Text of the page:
Summary: The blessings of Jesus realised in the praises of God.
A DOXOLOGY FIT FOR KING JESUS
It is surely no mistake that the benediction which concludes Book II of the Biblical collection of Psalms, is incorporated into the postscript of Psalm 72. This Psalm is one of the most clearly Messianic (or Christological) in the whole Psalter. Christians have, from time immemorial, recognised Jesus as the fullest fulfilment of the ideal king in this chapter.
Psalm 72:1. As king, Jesus has the power to establish justice. He is endowed with righteousness as the King’s Son. We submit to His kingship, and pray for the manifestation of His righteous judgment.
Psalm 72:2. As quickly as the prayer is uttered we are presented with a definite answer: His people shall benefit from His righteous judgment. There is no partiality (Romans 2:11), but the poor in spirit do have God’s favour (Matthew 5:3). We should desire this gracious rule in our own hearts.
Psalm 72:3. The mountains will bring “shalom”: peace, prosperity, wellbeing. This is because the kingdom is established in righteousness (Isaiah 32:17). Jesus Himself is our righteousness (1 Corinthians 1:30), and our peace (Ephesians 2:14).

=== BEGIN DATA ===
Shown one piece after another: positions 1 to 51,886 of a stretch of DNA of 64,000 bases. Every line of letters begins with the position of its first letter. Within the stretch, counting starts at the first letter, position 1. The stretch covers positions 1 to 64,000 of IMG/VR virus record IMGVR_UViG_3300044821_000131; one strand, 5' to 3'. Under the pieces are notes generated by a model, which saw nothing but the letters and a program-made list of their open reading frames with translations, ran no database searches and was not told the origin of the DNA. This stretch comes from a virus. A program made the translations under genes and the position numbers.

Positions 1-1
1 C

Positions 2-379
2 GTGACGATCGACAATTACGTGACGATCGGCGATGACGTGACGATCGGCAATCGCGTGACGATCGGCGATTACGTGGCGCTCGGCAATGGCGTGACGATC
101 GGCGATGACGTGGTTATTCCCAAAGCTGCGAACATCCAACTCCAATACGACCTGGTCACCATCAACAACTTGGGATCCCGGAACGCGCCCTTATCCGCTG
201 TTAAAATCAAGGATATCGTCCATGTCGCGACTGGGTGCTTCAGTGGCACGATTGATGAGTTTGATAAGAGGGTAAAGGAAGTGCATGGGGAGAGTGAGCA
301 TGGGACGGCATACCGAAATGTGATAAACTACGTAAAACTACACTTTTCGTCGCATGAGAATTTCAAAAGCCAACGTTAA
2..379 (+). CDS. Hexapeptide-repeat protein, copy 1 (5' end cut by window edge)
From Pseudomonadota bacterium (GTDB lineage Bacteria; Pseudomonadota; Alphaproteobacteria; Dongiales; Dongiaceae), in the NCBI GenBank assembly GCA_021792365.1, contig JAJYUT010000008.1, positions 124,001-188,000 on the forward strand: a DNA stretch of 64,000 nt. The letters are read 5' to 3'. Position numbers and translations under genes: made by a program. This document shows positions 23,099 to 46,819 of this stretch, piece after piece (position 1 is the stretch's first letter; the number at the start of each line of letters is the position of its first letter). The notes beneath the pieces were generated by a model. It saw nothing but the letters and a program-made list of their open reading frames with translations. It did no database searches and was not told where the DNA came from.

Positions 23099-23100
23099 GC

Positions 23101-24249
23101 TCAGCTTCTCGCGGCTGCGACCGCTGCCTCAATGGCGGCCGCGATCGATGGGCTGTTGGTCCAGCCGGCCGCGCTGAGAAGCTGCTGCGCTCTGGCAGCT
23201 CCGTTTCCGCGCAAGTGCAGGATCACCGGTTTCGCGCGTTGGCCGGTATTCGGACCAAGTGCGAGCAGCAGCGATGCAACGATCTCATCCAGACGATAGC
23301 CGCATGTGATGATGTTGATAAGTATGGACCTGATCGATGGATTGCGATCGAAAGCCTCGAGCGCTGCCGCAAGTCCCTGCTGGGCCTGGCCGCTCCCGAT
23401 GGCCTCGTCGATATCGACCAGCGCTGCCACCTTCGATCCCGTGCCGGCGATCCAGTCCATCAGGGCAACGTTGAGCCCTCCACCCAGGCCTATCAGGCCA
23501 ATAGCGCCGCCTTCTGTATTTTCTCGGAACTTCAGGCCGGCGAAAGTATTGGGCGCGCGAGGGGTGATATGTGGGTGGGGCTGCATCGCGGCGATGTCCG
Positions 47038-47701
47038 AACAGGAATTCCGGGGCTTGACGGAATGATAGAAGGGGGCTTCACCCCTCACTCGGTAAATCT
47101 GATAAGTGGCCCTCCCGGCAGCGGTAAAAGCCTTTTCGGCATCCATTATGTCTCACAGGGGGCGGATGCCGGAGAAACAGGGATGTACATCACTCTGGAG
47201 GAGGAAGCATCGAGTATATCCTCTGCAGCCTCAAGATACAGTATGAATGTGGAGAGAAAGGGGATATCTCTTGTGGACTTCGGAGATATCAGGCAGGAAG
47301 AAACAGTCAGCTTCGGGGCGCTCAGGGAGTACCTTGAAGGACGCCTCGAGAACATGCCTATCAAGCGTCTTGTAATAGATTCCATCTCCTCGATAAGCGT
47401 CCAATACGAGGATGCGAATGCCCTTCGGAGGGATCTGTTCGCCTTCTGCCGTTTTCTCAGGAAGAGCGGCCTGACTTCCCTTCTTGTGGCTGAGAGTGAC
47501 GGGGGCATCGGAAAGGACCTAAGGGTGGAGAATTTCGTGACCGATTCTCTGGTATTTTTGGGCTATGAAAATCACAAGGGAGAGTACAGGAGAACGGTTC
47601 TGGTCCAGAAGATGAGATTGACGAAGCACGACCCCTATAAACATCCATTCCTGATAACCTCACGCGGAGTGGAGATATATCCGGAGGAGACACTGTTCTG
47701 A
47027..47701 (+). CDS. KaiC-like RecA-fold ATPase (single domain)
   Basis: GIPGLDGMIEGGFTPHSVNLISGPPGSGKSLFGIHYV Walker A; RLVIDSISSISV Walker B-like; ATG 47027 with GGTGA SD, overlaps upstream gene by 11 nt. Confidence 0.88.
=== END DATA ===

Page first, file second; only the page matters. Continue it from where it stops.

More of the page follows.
Psalm 72:4. Jesus our king brings justice and salvation to His people (Luke 4:18-19). He also executes righteous judgment against those who oppress His people. Nothing, and no-one, can separate us from the love of God which is ours in Christ Jesus our Lord.
Psalm 72:5. Jeremiah speaks of the ordinances of sun, moon and stars (Jeremiah 31:35-36; Jeremiah 33:20-21). The prophet foresees Jesus when he says that as long as these things remain, there will be a king to sit upon the throne of David. There shall also always be a people to reverence King Jesus.
Psalm 72:7. God’s people flourish when Jesus is manifested amongst them. Then they abound in “shalom”: peace, prosperity, wellbeing. Again, the Psalmist draws our attention to the ordinance of the moon.
The extent of the dominion of the Davidic kings (Psalm 72:8-10) was never fully realised beyond the times of King Solomon - and began to recede rapidly thereafter. King Jesus embraces ‘all nations’ (Psalm 72:11), whether we acknowledge Him or not. Based as it is in the righteousness of God, His reign brings salvation to all who call upon Him (Psalm 72:12-14).
Jesus’ reign is a reign of abundance (Psalm 72:15). The city that submits to King Jesus, whether Geneva or Glasgow or elsewhere, flourishes (Psalm 72:16). (Unknown to many these days, the motto of the City of Glasgow in Scotland - ‘Let Glasgow flourish’ - is an abbreviation of the much longer: ‘Let Glasgow flourish by the preaching of the Word and the praising of His name’.)
The main body of the Psalm passes seamlessly from the benediction of Psalm 72:17, where blessings flow from King Jesus - to the doxology of praise to God in Psalm 72:18-19. When we “bless” God, we add nothing to Him. We are celebrating the blessings which begin with Him, bring blessing to His people (cf. Ephesians 1:3), and which redound to His glory.
Our righteous king cares for every one of us for whom He shed His own covenant Blood. So yes, “let the whole earth be filled with His glory!” To which we add our twofold Amen: “Amen, so let it be” (Psalm 72:19).